Craig Unger, contributing editor at Vanity Fair, has written a new book, Fall of the House of Bush: The Untold Story of How a Band of True Believers Seized the Executive Branch, Started the Iraq War, an Still Imperils America's Future.
It shapes up as one of the most important books of 2007, focusing on an unholy alliance between neoconservatives and the Religious Right that helped George W. Bush come to power.
Scott Horton, of Harper's, recently presented an excellent interview with Unger, and it concludes with one of the most compelling quotes I've seen in a long time:
"I see Bush's foreign policy as very much of a piece with his other policies--the unitary executive, his war on science, the politicization of the judiciary, torture, Guantanomo etc.--all of which constitute a brutal assault on America as a constitutional democracy. My central thesis is that the neocons and the religious right constitute an American fundamentalism that is at war with the post-Enlightenment, rational America most of us thought we grew up in. My hope is that a little over a year from now a new administration can start repairing the damage."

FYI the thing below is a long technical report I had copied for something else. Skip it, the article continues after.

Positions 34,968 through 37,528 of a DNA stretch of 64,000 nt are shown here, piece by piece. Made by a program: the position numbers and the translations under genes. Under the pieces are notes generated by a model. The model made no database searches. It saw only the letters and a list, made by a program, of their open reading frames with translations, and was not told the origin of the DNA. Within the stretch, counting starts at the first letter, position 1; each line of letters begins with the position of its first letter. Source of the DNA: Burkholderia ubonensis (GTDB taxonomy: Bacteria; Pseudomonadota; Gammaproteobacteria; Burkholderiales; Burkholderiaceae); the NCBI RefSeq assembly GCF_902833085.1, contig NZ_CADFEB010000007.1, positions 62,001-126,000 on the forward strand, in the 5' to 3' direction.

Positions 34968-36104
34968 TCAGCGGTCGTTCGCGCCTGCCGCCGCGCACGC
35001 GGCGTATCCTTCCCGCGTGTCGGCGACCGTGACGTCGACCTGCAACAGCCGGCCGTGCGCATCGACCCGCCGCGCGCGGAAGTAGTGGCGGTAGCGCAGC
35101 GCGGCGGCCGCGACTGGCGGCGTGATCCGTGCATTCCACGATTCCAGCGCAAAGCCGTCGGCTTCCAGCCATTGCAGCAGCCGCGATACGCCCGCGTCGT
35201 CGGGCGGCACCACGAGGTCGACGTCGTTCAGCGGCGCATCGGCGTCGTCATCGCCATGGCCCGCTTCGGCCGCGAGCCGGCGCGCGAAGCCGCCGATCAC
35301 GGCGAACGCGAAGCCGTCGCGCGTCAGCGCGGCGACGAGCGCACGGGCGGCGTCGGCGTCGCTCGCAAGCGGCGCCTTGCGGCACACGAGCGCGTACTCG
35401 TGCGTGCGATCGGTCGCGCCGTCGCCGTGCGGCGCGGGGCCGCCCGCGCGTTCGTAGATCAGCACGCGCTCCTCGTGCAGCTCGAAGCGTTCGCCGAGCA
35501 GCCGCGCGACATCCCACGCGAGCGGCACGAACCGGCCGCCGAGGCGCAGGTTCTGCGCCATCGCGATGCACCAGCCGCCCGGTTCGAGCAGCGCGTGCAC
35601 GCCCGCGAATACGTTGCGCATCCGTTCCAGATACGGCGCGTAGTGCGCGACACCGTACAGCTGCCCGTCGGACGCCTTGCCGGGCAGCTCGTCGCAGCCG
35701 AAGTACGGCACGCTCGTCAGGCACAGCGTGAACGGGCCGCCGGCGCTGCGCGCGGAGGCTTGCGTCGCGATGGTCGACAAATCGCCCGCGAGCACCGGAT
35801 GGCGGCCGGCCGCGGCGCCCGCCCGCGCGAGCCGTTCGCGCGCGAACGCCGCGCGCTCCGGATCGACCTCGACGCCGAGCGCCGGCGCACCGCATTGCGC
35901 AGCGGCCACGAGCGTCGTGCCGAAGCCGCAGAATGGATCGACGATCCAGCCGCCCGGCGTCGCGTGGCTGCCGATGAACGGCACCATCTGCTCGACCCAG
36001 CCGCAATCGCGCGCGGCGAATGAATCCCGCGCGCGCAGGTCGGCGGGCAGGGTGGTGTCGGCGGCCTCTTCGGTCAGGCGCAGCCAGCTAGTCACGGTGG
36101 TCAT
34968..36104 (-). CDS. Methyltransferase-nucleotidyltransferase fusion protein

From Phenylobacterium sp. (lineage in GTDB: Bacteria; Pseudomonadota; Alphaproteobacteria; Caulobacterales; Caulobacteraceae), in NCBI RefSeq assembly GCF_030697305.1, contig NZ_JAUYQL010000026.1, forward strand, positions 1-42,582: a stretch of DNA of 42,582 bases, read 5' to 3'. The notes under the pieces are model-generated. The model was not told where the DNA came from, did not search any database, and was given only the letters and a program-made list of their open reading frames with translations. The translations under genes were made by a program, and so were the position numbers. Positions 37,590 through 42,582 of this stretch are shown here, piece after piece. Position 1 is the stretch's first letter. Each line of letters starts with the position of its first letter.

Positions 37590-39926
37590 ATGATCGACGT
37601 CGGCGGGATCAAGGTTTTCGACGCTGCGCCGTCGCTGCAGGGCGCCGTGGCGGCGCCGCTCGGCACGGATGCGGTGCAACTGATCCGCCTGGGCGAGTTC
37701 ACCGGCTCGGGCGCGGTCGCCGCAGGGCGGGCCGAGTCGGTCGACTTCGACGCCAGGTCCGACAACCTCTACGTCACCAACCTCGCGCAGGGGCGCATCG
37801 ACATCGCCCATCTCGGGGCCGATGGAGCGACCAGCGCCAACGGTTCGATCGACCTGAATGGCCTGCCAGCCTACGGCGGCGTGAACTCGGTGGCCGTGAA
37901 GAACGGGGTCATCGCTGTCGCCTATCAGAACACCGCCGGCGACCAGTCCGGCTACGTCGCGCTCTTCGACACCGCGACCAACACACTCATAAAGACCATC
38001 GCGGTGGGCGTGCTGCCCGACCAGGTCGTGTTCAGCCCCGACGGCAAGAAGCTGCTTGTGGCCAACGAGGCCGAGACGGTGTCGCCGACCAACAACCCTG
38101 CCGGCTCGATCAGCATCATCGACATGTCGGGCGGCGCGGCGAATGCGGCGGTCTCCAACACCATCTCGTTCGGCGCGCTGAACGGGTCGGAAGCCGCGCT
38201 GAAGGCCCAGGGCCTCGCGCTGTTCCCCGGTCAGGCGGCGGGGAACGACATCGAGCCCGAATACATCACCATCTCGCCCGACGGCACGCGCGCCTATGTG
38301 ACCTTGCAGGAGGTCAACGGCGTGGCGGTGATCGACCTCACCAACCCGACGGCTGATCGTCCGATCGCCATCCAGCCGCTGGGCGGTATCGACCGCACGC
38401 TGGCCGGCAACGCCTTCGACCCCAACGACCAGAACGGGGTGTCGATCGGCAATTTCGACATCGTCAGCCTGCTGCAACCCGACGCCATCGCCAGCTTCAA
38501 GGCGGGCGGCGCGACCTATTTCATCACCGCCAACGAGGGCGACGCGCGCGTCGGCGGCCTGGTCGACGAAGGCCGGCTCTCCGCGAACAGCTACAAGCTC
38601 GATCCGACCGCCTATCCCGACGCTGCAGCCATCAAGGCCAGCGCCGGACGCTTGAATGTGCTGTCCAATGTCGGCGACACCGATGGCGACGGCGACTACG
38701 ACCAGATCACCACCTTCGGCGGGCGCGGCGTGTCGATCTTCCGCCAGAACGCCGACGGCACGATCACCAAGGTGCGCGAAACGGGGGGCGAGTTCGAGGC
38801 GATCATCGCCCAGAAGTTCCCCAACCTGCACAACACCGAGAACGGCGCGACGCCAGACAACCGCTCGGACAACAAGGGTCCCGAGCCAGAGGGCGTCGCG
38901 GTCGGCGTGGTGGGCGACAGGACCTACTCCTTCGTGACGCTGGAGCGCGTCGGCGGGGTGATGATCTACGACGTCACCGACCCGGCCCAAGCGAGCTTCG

An American fundamentalism at war with the rational America most of us thought we grew up in? Powerful stuff, and I think Unger is right on target. I've seen that kind of irrational behavior in my own little court case here in Alabama.
It would be interesting to get the thoughts of people like Don Siegelman and Paul Minor--people who are nothing more than political prisoners in the good ole USA--upon reading that quote from Unger.
More information about Craig Unger's work is available here.